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Sprotbrough Flash YWT South Yorkshire

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Ken Whitehead

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Site Details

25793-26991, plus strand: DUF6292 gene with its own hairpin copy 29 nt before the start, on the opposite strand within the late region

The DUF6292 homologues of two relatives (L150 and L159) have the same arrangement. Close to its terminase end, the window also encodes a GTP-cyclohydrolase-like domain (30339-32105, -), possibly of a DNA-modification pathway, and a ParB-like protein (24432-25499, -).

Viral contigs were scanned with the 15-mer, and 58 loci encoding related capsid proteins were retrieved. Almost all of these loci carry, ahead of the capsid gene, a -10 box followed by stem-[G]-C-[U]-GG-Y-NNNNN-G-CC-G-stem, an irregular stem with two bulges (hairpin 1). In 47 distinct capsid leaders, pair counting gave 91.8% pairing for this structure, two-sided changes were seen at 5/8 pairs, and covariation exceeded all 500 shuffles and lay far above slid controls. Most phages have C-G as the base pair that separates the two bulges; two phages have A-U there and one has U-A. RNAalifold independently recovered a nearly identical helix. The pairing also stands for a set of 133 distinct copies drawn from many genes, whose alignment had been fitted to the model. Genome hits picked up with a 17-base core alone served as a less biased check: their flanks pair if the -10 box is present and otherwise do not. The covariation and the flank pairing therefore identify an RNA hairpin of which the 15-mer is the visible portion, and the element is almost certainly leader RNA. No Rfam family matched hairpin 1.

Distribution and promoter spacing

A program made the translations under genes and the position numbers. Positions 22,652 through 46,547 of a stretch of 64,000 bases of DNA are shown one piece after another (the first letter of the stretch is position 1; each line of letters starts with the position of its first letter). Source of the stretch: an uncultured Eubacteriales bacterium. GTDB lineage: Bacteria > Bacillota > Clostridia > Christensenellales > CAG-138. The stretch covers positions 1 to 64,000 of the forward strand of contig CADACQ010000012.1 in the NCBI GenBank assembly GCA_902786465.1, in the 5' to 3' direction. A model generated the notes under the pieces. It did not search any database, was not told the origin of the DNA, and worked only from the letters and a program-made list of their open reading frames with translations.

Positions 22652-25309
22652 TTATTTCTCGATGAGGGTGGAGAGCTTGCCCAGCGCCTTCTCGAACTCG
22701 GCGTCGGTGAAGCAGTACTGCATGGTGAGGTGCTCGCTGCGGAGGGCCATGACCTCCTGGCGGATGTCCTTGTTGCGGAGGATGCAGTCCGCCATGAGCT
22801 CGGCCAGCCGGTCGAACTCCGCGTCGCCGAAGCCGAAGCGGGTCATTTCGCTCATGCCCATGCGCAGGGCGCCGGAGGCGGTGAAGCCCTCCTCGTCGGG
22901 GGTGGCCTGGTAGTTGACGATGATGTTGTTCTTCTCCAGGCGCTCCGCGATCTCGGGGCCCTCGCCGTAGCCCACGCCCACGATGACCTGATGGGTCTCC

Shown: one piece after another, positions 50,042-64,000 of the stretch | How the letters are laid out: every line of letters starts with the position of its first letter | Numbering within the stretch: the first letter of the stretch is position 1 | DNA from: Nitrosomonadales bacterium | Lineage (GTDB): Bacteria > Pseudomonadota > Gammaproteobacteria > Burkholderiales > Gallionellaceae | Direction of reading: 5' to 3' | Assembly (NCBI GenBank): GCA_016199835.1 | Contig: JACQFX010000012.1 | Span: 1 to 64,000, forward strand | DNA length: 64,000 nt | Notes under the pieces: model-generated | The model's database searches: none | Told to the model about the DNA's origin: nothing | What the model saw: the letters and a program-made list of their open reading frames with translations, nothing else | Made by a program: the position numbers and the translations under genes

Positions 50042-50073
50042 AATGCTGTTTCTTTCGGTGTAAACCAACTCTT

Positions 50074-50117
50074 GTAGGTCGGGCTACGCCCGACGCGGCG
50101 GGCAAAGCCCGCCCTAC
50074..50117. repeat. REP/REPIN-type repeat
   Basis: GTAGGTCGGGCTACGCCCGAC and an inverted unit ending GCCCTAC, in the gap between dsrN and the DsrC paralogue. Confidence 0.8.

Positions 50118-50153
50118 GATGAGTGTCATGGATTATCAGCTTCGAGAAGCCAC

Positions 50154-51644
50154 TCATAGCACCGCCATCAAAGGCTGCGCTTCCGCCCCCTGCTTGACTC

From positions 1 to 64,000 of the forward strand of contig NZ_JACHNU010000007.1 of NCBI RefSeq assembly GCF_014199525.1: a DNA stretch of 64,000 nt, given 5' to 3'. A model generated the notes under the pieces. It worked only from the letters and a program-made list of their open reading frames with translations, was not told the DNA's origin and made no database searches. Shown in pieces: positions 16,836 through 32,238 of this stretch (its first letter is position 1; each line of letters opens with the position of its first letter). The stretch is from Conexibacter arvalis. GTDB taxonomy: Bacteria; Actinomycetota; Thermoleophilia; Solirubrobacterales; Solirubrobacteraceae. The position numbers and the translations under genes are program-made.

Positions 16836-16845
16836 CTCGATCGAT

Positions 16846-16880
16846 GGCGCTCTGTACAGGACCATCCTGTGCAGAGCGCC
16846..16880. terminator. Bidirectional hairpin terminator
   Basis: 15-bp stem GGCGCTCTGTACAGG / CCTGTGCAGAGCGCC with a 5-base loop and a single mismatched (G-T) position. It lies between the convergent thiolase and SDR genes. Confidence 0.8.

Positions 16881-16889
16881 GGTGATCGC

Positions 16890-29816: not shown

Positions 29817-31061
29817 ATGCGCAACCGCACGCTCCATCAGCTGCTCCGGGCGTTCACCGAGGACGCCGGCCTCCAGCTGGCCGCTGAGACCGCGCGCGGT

Picturesque Sprotbrough Flash is one of the richest wildlife sites in South Yorkshire and is owned and managed by Yorkshire Wildlife Trust. A mosaic of open water, wetland, woodland and limestone grassland, the site offers a year-round treat for wildlife enthusiasts. The impressive diversity of wildlife found at Sprotbrough Flash results from the range of habitats which have developed on the unusual magnesian limestone bedrock. The nature reserve is located in the Don Gorge, where the River Don cuts through the elevated limestone ridge to the west of Doncaster. Magnesian limestone formed in a shallow tropical sea in the Permian period, some 280 million years ago. Now this rare rock type is only found in a narrow band running approximately north-south from Durham to Nottinghamshire. Due to its value as a building material and its many industrial uses, magnesian limestone (dolomite) has been widely quarried in the local area. The site protects fragments of ancient woodland on the slopes of the gorge, while wildlife-rich grassland can be found on the limestone plateau and a restored quarry site at the north end of the nature reserve. The limestone woodland, protected within the nature reserve, is dominated by ash, wych elm and sycamore, with a varied shrub layer typical of this woodland type, with species such as hazel, spindle and guelder rose. There are some magnificent specimens of small-leaved lime and an avenue of mature yew, and the woodland immediately to the north west supports a nationally notable array of ancient woodland invertebrates. The wood is home to good populations of breeding woodland birds - all three species of woodpecker have been recorded here. Small areas of limestone grassland occur on the plateau at the top of the wooded slopes, supporting a dizzying variety of specialist limestone wildflowers and insects. Over recent years the areas of this valuable habitat has been significantly increased through scrub removal and its condition has been enhanced by the introduction of conservation grazing, using traditional breeds of sheep. Botanical highlights include good displays of Cowslip, Common Spotted and Pyramidal Orchids, with Common Twayblade, Bee Orchid, Carline Thistle, Quaking Grass and Autumn Gentian among many others. Brown Hares can be seen on the grassland and dashing across the adjacent arable fields, while Grass Snakes are also a common sight basking on the grassland in the morning sun. Bones found locally indicate that Woolly Mammoth and Woolly Rhinoceros lived in the Sprotbrough area during the last Ice Age. When this period ended, approximately 12,000 years ago, water from the melting ice-sheets forced its way through a fault in the elevated limestone ridge, creating the Don Gorge which dominates the local landscape today. Coal mining extended underneath the Don Gorge causing subsidence and then flooding. Visitors looking for a longer walk can climb up the side of the Don Gorge to reach ancient woodland and limestone grassland. Refreshments are available on the nature reserve's doorstep at The Boat Inn public house.

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